Governments to Set Research Agenda for Agriculture as a Means of Combating Rural Poverty
High-level officials from governments across the region will meet in Bangkok on Wednesday, 21 November, to discuss approaches to tackling poverty in rural Asia.
The meeting will set the regional agenda for research priorities in the development of agriculture as a means of combating poverty in the areas where it is most needed.
“In Asia, over seventy per cent of poor people live in rural areas and depend largely on agriculture for their daily food and income,” said Taco Bottema, Director of the Centre for Alleviation of Poverty through Secondary Crops’ Development in Asia and the Pacific (UN-CAPSA), a subsidiary of the United Nations Economic and Social Commission for Asia and the Pacific (ESCAP), which is organizing the meeting.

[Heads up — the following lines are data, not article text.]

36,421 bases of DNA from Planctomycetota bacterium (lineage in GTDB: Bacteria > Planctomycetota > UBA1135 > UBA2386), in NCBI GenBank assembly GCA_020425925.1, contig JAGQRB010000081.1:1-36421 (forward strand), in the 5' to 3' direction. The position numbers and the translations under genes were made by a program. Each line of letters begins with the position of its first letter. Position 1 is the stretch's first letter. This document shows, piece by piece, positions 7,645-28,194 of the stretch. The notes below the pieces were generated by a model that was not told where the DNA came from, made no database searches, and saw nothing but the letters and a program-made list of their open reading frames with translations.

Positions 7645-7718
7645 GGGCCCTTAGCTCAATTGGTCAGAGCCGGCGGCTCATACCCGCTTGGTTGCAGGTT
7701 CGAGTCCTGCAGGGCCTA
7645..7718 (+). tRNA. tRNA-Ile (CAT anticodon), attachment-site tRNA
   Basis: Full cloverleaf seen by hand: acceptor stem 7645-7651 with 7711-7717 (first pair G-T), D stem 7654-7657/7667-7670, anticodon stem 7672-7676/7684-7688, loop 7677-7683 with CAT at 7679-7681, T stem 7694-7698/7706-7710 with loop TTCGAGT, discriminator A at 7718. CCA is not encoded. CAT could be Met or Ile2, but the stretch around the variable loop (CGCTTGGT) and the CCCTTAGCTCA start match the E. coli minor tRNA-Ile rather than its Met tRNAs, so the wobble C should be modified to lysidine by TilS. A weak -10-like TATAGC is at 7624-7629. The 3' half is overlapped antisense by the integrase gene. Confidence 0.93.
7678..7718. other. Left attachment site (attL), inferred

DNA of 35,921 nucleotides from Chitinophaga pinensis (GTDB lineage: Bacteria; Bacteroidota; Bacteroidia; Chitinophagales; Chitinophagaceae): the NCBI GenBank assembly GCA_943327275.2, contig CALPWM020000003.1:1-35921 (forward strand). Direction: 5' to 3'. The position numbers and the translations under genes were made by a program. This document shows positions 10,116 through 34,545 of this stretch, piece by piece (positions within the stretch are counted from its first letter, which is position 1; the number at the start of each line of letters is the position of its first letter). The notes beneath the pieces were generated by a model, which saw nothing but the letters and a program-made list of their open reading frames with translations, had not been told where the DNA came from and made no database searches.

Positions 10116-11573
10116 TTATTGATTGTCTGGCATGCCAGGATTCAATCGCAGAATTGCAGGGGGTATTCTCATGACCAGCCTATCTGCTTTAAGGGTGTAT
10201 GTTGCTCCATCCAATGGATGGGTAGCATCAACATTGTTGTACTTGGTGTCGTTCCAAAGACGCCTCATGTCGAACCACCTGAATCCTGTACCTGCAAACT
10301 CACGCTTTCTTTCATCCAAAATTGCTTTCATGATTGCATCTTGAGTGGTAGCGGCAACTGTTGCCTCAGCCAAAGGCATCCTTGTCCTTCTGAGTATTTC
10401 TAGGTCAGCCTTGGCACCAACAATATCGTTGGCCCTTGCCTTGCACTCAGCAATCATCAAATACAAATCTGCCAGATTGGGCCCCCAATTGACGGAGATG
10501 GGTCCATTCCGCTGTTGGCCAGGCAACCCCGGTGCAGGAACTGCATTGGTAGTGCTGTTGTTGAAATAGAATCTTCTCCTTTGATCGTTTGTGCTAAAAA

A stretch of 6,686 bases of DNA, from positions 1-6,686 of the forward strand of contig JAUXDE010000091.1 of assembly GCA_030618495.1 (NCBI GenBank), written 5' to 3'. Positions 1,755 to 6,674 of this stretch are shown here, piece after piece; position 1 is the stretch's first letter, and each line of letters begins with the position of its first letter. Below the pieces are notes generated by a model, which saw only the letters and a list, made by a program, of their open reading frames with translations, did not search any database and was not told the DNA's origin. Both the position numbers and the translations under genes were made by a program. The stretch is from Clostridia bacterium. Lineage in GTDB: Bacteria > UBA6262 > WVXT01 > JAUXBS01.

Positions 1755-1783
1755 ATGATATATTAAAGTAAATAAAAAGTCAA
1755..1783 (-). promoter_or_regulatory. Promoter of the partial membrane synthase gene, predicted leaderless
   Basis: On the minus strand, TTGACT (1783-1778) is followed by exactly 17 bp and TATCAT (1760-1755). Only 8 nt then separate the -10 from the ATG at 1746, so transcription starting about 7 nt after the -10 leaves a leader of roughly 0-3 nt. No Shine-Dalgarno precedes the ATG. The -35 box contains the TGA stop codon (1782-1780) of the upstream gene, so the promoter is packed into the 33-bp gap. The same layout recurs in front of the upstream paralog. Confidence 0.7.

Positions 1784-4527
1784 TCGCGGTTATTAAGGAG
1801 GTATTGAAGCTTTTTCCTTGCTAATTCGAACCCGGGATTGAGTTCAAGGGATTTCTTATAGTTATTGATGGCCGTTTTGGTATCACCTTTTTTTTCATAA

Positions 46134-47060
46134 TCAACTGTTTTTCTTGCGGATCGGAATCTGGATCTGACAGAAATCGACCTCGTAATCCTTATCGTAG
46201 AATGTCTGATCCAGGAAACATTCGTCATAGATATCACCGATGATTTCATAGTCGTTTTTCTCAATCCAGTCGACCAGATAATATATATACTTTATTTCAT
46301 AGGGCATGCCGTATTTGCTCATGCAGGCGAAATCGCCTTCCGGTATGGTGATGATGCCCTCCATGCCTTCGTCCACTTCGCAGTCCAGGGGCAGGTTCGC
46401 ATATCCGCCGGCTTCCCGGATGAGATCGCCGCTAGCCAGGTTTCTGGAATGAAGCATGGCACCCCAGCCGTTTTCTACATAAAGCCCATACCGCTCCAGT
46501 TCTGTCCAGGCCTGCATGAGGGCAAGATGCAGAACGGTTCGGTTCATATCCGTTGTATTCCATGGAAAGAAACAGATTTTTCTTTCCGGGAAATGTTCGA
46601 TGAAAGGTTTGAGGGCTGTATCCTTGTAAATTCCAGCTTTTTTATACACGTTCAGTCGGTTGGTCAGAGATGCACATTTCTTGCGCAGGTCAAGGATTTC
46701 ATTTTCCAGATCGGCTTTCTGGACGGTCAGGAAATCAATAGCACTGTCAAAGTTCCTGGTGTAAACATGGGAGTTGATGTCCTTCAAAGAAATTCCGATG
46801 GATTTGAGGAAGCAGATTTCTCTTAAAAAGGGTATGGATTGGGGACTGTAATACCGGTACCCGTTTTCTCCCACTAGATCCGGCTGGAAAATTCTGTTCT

“In recent years, international attention has strayed from the importance of agriculture in reducing poverty. Now that the income gap between rural and urban areas has grown, we are seeing a renewed focus, so setting clear common goals for future research is a critical step,” Mr. Bottema said.
Renewed support from the international donor community for rural development through agriculture has been stimulated by the World Bank’s latest World Development Report – which focuses on agriculture and poverty – and several other high-level inter-governmental meetings.
UN-CAPSA, which is based in Bogor, Indonesia, will convene next Wednesday’s meeting to bring the region’s UN member countries together to discuss the key issues. The outcome will be a common regional agenda for research priorities in agriculture for rural poverty reduction.
Ministries of Agriculture and national research institutes from member countries, and other international organizations will attend the meeting.